Food For Thought

False Sense of Security

In punitive days of 1971 War, 2/Lt Shafaat, in forward concentration area on Western Border, asked his Battalion Commander, ”Sir in East Pakistan our Army is virtually surrounded and their capitulation looks imminent, what will we do?” The Battalion Commander replied, “Do not believe what you hear on radio? We have a strategy – the defence of East Pakistan lies in West Pakistan. Once we launch our offensive from here, the Indians will be forced to recoil.” The rest is history; though we have hardly learnt from it.

Sixty seven years on, we are yet to develop a nationalistic thinking. Most of our actions are for demonstration, devoid of intellectual honesty and earnest implementation. Security is gauged in terms of visibility but not effectiveness: barbed wire fences around sensitive installations, soldiers at barriers unaware of what to check for, and route lining by police for VIPs, thereby indicating their route, to and fro destinations and likely time of movement are cases in point. Few years ago I was walking on Sixth Avenue of Manhattan during an afternoon and the convoy of the most powerful and threatened person in the world whiffed past me in three GMCs with tinted glasses. There was no traffic blockage, route lining or police escorts. The West has learnt their lessons since 9/11 and 7/7. There has been no terrorist attack on mainland USA, though this happens to be the prime target for the terrorists the world over. What is the difference then? In my view it is a combination of commitment, sincerity of purpose, national pride, and a system of accountability.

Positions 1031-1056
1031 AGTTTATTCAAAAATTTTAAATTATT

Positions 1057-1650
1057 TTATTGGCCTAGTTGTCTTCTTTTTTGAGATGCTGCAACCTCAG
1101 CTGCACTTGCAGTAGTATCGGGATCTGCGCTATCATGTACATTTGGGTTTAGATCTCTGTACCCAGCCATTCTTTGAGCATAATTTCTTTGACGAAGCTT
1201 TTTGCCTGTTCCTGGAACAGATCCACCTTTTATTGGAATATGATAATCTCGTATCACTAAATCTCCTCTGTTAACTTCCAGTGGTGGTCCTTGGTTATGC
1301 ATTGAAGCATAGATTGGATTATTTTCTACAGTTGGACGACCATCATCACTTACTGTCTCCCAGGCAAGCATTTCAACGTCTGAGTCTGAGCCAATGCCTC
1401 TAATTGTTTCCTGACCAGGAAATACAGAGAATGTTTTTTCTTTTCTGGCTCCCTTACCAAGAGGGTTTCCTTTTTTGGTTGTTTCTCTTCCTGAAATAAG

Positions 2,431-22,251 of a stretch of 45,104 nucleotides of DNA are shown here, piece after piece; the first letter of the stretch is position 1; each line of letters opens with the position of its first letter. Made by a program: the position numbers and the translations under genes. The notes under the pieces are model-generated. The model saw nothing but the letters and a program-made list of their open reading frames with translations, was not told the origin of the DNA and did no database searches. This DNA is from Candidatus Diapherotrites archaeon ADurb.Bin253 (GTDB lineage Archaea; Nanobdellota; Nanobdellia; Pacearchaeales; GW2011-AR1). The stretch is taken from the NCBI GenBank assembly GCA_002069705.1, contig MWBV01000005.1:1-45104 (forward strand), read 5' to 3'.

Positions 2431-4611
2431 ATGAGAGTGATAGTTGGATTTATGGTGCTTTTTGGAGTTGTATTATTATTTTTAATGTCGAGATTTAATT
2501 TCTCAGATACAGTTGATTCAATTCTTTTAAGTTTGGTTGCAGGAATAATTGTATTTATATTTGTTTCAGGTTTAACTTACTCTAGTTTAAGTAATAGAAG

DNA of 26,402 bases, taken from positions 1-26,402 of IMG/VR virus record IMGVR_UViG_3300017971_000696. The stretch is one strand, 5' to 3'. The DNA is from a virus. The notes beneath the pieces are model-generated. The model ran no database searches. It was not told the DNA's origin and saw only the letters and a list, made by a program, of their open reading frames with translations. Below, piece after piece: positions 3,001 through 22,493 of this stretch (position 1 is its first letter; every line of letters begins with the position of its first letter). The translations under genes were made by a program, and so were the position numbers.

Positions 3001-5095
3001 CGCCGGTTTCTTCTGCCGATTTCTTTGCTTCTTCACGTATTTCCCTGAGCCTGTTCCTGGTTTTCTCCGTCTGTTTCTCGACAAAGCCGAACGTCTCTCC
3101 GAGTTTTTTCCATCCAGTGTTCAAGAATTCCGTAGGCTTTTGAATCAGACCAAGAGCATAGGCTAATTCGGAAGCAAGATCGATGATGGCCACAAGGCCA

Since 2003, Pakistan is faced with asymmetrical warfare. Our urban landscape has been transformed into fortress cities and our future generations are being raised in an environment of violence, sectarian strife, extremism and terrorism. Has our security paradigm also undergone a change to face these threats besides a conventional threat? The answer may be in the negative. Some of the recent incidents like the attack on GHQ, Mehran and Kamra bases, and at Karachi Airport provide interesting analysis. In all these and many other incidents, despite layers of security, terrorists were able to breech the inner cordons and entered the premises disguised mostly in uniform of respective security forces. Bismarck, the sage of warfare had remarked, “Everybody learns from mistakes, but clever is the one who learns from others' mistakes.”